Radboud University in Nijmegen has dug a ‘purification grave’ to help students reflect on the futility of their existence – and it’s certainly different
A university has come up with an unusual method of helping its students to cope with exam stress – a meditation grave.
Many have been trying to offer a range of alternative therapies to help students suffering from anxiety during exam periods.
Some have offered therapy dog sessions, mindfulness meetings, and even designated quiet spaces, but no university has gone quite as far as Radboud University.
Located in the Dutch city of Nijmegen, they recently went viral after an alumni revealed their unique approach to managing student stress- a grave.
Yes, behind the student chapel is an open grave, and whilst it’s not operational in the strictest sense of the word, people are dying to get in it.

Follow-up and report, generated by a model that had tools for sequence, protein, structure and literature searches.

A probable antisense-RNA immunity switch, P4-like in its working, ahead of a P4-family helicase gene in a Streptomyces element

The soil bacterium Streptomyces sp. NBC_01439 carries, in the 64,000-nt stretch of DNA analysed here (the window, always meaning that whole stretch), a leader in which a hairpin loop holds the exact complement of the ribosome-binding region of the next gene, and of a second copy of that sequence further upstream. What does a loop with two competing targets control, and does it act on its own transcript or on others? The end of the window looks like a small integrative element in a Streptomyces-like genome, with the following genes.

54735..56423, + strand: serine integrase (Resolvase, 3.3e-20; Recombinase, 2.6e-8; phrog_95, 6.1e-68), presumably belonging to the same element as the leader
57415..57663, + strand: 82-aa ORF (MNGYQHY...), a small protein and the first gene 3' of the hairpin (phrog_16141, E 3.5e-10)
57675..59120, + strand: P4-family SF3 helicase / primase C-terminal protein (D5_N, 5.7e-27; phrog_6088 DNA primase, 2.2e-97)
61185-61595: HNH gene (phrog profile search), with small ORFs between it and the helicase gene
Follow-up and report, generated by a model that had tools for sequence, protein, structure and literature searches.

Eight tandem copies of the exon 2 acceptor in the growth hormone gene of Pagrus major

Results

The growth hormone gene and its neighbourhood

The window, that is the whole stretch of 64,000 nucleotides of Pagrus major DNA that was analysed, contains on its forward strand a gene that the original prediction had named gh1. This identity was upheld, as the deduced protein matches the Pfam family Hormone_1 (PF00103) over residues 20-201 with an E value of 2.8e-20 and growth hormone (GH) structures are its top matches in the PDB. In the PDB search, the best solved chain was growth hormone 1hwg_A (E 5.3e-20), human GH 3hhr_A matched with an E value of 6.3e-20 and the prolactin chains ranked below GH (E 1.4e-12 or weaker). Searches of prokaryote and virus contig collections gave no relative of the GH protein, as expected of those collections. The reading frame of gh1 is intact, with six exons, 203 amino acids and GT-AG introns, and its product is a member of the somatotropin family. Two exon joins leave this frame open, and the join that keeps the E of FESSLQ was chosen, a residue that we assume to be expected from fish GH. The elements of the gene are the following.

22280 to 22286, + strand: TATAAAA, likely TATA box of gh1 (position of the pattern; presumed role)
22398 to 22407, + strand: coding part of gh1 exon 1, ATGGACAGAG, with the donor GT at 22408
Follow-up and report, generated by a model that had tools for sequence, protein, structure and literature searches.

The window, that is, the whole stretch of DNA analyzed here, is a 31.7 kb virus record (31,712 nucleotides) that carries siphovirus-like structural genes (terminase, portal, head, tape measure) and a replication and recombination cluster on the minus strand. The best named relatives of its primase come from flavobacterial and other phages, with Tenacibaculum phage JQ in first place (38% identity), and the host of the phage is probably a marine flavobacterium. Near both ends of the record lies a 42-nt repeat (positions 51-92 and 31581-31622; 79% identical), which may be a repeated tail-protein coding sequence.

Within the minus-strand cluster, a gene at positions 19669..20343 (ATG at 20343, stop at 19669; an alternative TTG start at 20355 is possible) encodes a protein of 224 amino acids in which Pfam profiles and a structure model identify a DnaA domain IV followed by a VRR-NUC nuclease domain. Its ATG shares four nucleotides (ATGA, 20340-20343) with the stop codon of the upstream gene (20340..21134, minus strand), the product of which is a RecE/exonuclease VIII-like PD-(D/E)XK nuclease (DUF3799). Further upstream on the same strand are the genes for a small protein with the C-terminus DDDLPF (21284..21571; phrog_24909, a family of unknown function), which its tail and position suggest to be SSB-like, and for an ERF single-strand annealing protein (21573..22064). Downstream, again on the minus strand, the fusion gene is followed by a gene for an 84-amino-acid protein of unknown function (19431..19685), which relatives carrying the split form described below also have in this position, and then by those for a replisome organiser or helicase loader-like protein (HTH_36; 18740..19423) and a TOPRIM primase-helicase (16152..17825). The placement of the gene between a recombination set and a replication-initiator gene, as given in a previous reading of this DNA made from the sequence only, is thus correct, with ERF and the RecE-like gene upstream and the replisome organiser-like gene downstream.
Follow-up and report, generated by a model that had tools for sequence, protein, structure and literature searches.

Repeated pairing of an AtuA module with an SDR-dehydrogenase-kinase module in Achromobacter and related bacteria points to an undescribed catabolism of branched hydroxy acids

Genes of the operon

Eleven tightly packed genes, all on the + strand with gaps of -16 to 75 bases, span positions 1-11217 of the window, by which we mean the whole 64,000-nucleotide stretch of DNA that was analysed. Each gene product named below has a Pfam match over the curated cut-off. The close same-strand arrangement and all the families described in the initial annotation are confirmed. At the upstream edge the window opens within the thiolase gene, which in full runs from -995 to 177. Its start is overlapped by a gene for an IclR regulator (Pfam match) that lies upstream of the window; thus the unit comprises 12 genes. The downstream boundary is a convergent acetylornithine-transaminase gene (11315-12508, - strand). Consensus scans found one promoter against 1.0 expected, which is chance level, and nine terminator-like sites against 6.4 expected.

Inside the grave is an appropriate sign which says ‘stay weird’.
According to the students, the bizarre project is so popular they had to be put on a waiting list to secure an early grave.
Student Sean McLaughlin said: “Me and my housemate were planning on going a week ago, a week and a half ago, and we found that there is a waiting list to actually get into the grave, so it’s quite popular, so we didn’t get the chance yet, but I plan to go sometime soon whenever I move up,”
The ‘purification grave’, complete with a blanket and yoga mat, allows for comfortable, if a tad morbid, meditation.
But according to the projects founder John Hacking, a member of staff at the student chapel, the grave is actually about making pupils appreciate their time on this earth a little more.
John told Ruptly: “The end of life, death, is a taboo, difficult for students… death is very difficult to talk about, especially when you are 18, 19, 20 years old.”
Popularised by campus posters under the title “memento mori”, Latin for “remember you will die”, the grave experience can be booked for a minimum of 30 minutes and up to three hours.
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